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Looking at background articles for my dissertation

Someone on my degree scheme came up with the idea of blogging about articles we read for later reference, and so I am writing about the Popular Science article, Can Birds Be Trained To Bring Down Drones? (http://www.popsci.com/can-birds-be-trained-attack-drones)

This article talks about how birds can react to UAVs, and about the use of UAVs in nature in general. For wild birds, it highlights the issue that breeding peregrine falcons can be disturbed easily, including potentially by a UAV. This will potentially be an issue in Mid Wales, as work done by Andrew Dixon in Mid Wales suggests that there is already a decline in the population of peregrine falcons in this area. I will take special care when selecting testing sites for my project.

As the use of UAVs in conjunction with falconry seems to be a relatively unexplored area as of yet, the article talks about the possibility of training birds to attack UAVs. Birds coming it to direct contact with the UAV is something I would like to avoid in my project. Although my UAV will be small and low-powered (and so with low chance of a blade injuring a bird), I will still take precautions to reduce the chance of bird injury. I will be going for the quadcopter style UAV, which will include buffers around the blades. I will also put arches above and below the rotors, to prevent birds from flying directly in to the blades. This will cause issues with the aerodynamics of the UAV, but due to the nature of my project it does not matter that my UAV will be very slow. I am mildly concerned that the bird may try to grab the UAV, but hopefully by hanging the lure a good distance below the UAV the bird will not form an association between the UAV and food and attack it. The article actually contains a quote from Roger Chastain, stating that he doesn’t believe a bird impacting a UAV would damage the bird. I would still prefer to err on the side of safety, however.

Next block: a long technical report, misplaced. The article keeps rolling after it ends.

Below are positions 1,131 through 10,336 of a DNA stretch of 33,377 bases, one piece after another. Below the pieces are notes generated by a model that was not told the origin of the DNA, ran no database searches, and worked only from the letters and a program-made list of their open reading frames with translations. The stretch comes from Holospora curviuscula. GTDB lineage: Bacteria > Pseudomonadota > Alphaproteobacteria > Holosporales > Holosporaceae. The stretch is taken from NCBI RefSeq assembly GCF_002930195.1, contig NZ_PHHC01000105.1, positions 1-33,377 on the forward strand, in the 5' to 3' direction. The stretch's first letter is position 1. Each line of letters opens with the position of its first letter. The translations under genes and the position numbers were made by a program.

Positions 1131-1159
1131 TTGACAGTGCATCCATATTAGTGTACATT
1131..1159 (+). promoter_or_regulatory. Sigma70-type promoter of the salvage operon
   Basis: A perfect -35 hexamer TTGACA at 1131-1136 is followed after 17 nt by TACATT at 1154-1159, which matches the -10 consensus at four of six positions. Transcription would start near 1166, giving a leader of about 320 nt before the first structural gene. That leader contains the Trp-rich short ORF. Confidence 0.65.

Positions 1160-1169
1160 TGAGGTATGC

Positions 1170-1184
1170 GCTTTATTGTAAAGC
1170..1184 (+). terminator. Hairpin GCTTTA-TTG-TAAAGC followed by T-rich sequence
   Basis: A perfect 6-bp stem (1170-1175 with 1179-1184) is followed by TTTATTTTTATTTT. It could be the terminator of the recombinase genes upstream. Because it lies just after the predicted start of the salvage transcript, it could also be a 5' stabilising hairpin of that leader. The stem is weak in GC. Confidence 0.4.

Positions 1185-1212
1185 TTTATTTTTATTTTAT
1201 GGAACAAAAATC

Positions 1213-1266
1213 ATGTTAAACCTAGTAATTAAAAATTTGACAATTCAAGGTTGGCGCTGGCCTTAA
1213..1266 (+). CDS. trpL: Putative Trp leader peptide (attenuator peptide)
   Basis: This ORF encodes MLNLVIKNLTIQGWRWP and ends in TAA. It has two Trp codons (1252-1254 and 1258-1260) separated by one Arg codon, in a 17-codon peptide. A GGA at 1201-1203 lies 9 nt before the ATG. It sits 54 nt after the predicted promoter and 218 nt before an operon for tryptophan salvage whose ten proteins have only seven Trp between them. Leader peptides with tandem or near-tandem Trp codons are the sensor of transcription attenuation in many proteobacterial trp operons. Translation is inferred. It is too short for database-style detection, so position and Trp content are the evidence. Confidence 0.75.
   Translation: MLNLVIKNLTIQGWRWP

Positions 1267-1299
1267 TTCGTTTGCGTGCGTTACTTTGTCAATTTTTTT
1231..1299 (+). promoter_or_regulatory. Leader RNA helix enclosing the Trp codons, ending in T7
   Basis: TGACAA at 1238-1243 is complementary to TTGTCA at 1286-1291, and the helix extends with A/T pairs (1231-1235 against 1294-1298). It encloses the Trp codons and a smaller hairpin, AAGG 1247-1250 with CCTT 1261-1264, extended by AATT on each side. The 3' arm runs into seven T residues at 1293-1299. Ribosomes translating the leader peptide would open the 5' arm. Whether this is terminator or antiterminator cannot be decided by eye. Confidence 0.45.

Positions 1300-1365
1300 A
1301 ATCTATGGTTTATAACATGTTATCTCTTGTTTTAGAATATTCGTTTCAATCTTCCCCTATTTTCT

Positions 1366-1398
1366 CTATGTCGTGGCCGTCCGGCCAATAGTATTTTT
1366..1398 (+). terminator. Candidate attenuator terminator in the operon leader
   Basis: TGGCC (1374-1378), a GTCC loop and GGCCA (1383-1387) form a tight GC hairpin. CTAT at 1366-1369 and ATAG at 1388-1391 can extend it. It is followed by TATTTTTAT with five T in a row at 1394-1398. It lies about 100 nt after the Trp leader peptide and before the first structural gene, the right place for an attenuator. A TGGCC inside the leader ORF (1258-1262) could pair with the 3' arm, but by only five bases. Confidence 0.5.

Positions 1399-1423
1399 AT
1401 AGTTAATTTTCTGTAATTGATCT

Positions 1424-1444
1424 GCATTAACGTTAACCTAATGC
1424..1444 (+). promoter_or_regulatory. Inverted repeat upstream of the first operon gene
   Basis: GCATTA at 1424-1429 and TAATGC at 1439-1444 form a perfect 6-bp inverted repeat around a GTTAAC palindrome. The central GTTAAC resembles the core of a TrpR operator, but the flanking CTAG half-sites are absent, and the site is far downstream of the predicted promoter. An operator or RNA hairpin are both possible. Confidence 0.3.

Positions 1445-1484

The article describes the act of training a bird to take a lure hanging from a balloon or kite. Several of the birds at the Falconry School have already been trained to do so, with no issues with the birds attacking the balloon (to my knowledge). Chris Davis is quoted in the article as saying that he’s had issues with training birds to go to a UAV, and has had issues even with balloons and kites. As the birds at the falconry centre seem quite content with flying to balloons/kites and have even been willing to fly to a UAV in test trials ran at the centre (https://harkness3d.wordpress.com/2015/01/26/dissertation-planning/), I do not foresee this posing any huge issues.

The article highlights (with the use of anecdotes and video) that birds seem to come away from encounters with UAVs in a better state than the UAVs. This would be an acceptable outcome for my project should a collision occur, as it is much easier to replace a UAV than a trained bird. I will aspire to build the UAV from durable materials, so that it could hopefully be recovered from a crash landing. My supervisor and I are looking at building the frame from foam coated in either carbon fibre, Kevlar, glass fibre, or some combination of these. Trials will need to be run on which results in the best frame.

It is pointed out in the article that by linking flying to a lure from a UAV with getting food, birds will become more comfortable around UAVs. At the Falconry School, one of the UAV trained birds has already begun to associate the loud noise that the UAV makes when switched on with getting fed, and so it becomes very eager to fly when it hears the noise (annoyingly so). It is also possible that if a bird is being trained as an imprint (i.e. raised by humans rather than its bird parents), it can be introduced to UAVs from a very young age, leading to a bird that has no fear for UAVs.

Published inBSc DissertationFalconry

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